11.After this the confederates, following the corpse of Brasidas, all of them in their arms, buried him in the city, at the public charge, in the entrance of that which is now the market place.And the Amphipolitans afterwards, having taken in his monument with a wall, killed unto him as to a hero, honoured him with games and anniversary sacrifice, and attributed their colony unto him as to the founder, pulling down the edifices of Agnon, and defacing whatsoever monument might maintain the memory of his foundation.This they did both for that they esteemed Brasidas for their preserver and also because at this time, through fear of the Athenians, they courted the Lacedaemonians for a league.As for Agnon, because of their hostility with the Athenians, they thought it neither expedient for them to give him honours, nor that they would be acceptable unto him if they did.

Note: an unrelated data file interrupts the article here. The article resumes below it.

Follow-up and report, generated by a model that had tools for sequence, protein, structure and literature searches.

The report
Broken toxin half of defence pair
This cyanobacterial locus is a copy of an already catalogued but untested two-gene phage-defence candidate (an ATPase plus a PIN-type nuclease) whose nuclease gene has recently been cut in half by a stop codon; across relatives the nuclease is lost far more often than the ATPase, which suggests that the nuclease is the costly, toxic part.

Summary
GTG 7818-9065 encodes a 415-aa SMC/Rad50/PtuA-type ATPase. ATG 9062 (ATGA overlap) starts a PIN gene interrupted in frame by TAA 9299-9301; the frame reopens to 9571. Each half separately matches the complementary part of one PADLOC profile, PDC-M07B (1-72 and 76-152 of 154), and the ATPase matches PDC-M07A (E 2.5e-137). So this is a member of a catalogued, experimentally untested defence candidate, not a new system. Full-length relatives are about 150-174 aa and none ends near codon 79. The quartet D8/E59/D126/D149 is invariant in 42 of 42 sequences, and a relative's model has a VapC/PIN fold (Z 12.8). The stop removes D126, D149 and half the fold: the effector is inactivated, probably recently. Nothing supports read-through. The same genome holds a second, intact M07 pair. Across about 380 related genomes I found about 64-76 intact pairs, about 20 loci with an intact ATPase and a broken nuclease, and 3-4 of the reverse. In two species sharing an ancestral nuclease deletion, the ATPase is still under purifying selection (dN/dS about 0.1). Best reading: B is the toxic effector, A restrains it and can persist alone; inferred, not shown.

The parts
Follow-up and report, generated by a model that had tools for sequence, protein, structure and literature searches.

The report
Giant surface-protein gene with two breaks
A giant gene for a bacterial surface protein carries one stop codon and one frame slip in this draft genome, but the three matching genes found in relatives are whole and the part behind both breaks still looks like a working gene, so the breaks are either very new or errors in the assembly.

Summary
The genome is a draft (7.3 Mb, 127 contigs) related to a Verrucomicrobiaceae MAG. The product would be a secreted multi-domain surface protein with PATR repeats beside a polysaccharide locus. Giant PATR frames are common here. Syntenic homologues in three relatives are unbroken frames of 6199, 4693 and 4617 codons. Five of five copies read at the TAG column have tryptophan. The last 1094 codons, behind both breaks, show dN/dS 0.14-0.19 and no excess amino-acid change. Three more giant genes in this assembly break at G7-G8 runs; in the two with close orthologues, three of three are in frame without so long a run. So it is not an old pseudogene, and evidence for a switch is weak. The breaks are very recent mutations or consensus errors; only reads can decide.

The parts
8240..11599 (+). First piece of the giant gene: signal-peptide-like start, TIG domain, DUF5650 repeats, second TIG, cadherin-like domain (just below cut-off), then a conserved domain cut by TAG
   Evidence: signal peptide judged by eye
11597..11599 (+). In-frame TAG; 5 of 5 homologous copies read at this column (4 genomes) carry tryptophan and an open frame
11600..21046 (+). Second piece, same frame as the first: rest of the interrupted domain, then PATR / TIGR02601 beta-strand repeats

The dead bodies they rendered to the Athenians, of whom there were slain about six hundred, and but seven of the other side, by reason that it was no set battle, but fought upon such an occasion and precedent affright.
After the dead were taken up, the Athenians went home by sea;and Clearidas and those with him stayed to settle the estate of Amphipolis.
The English works of Thomas Hobbes of Malmesbury. Thucydides. Thomas Hobbes. translator. London. Bohn. 1843.
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